The Maisonettes were an odd one-hit band of the early '80s, the oddness lying not so much in their hit as their combination of maverick indie label beginnings with a semi-manufactured image that some indie purists might find crass. Their hit, "Heartache Avenue," entered the U.K. charts in late 1982 and rose all the way up to number seven. Like most of the music they'd record over the next year or two, it was fairly mainstream pop/rock with period early-'80s synthesizer-abetted production and a notable (but not overwhelming) '60s soul-pop influence, with a particularly audible debt to Motown.
The song was discovered by David Virr in a pile of demo tapes in his office, and had been recorded in Birmingham by singer Lol Mason, guitarist Mark Tibenham, and session drummer Nick Parry. Virr decided to put it out on his own label, which he named Ready, Steady, Go! To fill out the band, two teenage models, Denise Ward and Elaine Williams, were recruited as backup singers (though "Heartache Avenue" had been recorded with entirely different women session vocalists). As it turned out, however, Ward and Williams couldn't harmonize well enough to sing with the band live or in the studio, though by the time this was decided, they'd already appeared often with the group in media photos and miming on television. They were replaced by two more capable young women singers, but by this time Ward and Williams were well known to the public, and the Maisonettes' sales and career evidently suffered with the personnel change.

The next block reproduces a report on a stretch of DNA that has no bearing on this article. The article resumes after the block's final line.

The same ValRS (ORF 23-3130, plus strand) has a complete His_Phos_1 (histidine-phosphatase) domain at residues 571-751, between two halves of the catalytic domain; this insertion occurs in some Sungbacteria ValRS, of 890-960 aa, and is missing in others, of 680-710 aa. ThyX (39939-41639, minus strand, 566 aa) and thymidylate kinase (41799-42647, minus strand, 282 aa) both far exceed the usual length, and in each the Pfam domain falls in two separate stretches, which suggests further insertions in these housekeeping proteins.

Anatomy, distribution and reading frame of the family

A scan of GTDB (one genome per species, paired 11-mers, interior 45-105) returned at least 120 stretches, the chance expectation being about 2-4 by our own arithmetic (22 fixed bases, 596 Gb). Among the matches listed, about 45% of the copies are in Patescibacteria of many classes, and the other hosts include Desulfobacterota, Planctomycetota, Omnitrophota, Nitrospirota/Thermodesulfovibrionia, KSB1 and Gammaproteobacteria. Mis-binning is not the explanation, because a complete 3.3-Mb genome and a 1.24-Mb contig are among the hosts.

The Maisonettes never did get to the chart again, though they released an album in 1983 and a few more singles. Their career is summarized by the 2004 CD reissue Heartache Avenue: The Very Best of the Maisonettes, a 19-track set that included some previously unreleased material. ~ Richie Unterberger, Rovi